I ran into this looking for Melobar (which deserves a dedicated post), and I think this is so cool. Obviously, Moog's syst em is more involved than a Fernandes Sustainer, but it makes you wonder what you could do with all that. Somebody wondered if anyone ever took an EBow to a steel guitar. I'm sure it's not too common to do, but it has been done. In 2000, Robert Randolph made a Sacred Steel album with John Medeski and the North Mississippi All-Stars called The Word, and on one of the tracks, "Call Him By His Name", starts out with Robert sounding like a melisma-laden black-gospel singer just going off, done with steel guitar and EBow. That's a good track to start to show the possibilities of this thing. Or, at least what I think they are.

Saturday, November 20, 2010

Concert Review - Disfarmer Project with the Bill Frisell Quartet At Purdue's Loeb Playhouse

Bill Frisell - guitar
Greg Leisz - steel guitar, dobro, mandolin
Jenny Scheinman - violin, mandolin
Victor Krauss - bass

Isn't that good?

I could get into a bunch of gear talk, which of course is my wont. I will say that if an instrument had an amplifier, that amplifier was a Deluxe Reverb, but that's really beyond the point. The point is, the band is good. Yeah, they can do the weird distancing stuff in that video, but one of the songs in the set is a take on "That's Alright, Mama", and they rock it. I tell you, you wouldn't expect him to stand between Keith Urban and Marty Stuart on the Opry stage doing "Working Man Blues" like the video I linked a few days ago, but I'd love to hear him take a verse.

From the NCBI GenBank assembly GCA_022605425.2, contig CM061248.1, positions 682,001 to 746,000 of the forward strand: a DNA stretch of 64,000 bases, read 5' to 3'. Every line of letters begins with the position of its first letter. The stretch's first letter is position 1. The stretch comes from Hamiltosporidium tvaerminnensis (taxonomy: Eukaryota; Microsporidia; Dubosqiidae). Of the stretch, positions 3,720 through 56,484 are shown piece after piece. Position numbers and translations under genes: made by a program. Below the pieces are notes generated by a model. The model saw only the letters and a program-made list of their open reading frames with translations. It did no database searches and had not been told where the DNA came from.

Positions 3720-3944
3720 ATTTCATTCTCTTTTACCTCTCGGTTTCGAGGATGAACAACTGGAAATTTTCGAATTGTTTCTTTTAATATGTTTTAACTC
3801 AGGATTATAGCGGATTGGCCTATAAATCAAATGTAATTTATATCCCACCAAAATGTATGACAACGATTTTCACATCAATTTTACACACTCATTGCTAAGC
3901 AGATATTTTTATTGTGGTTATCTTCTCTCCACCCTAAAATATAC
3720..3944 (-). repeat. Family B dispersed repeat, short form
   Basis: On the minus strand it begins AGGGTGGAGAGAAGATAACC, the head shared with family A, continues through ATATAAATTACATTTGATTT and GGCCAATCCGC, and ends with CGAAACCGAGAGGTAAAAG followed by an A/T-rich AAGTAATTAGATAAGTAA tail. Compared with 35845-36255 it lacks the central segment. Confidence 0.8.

Little Wing

Dave Kilminster is one of the guitarists playing behind Roger Waters on the new tour bringing back The Wall.

Don't Fret

A recent post on TDPRI made me thing of this again.
A couple of years ago I bought a neck on Ebay from a guy who had sold a lot of neck and had a lot of positive feedbacks. Unfortunately, he must have been having a bad day when he built my neck. Edges that should be square were rounded over, the end of the heel was cut for a Strat instead of a Tele and the frets were a mess. I didn't pay a lot for the neck and hate Ebay hassles, so I just tossed it on a shelf and forgot about it.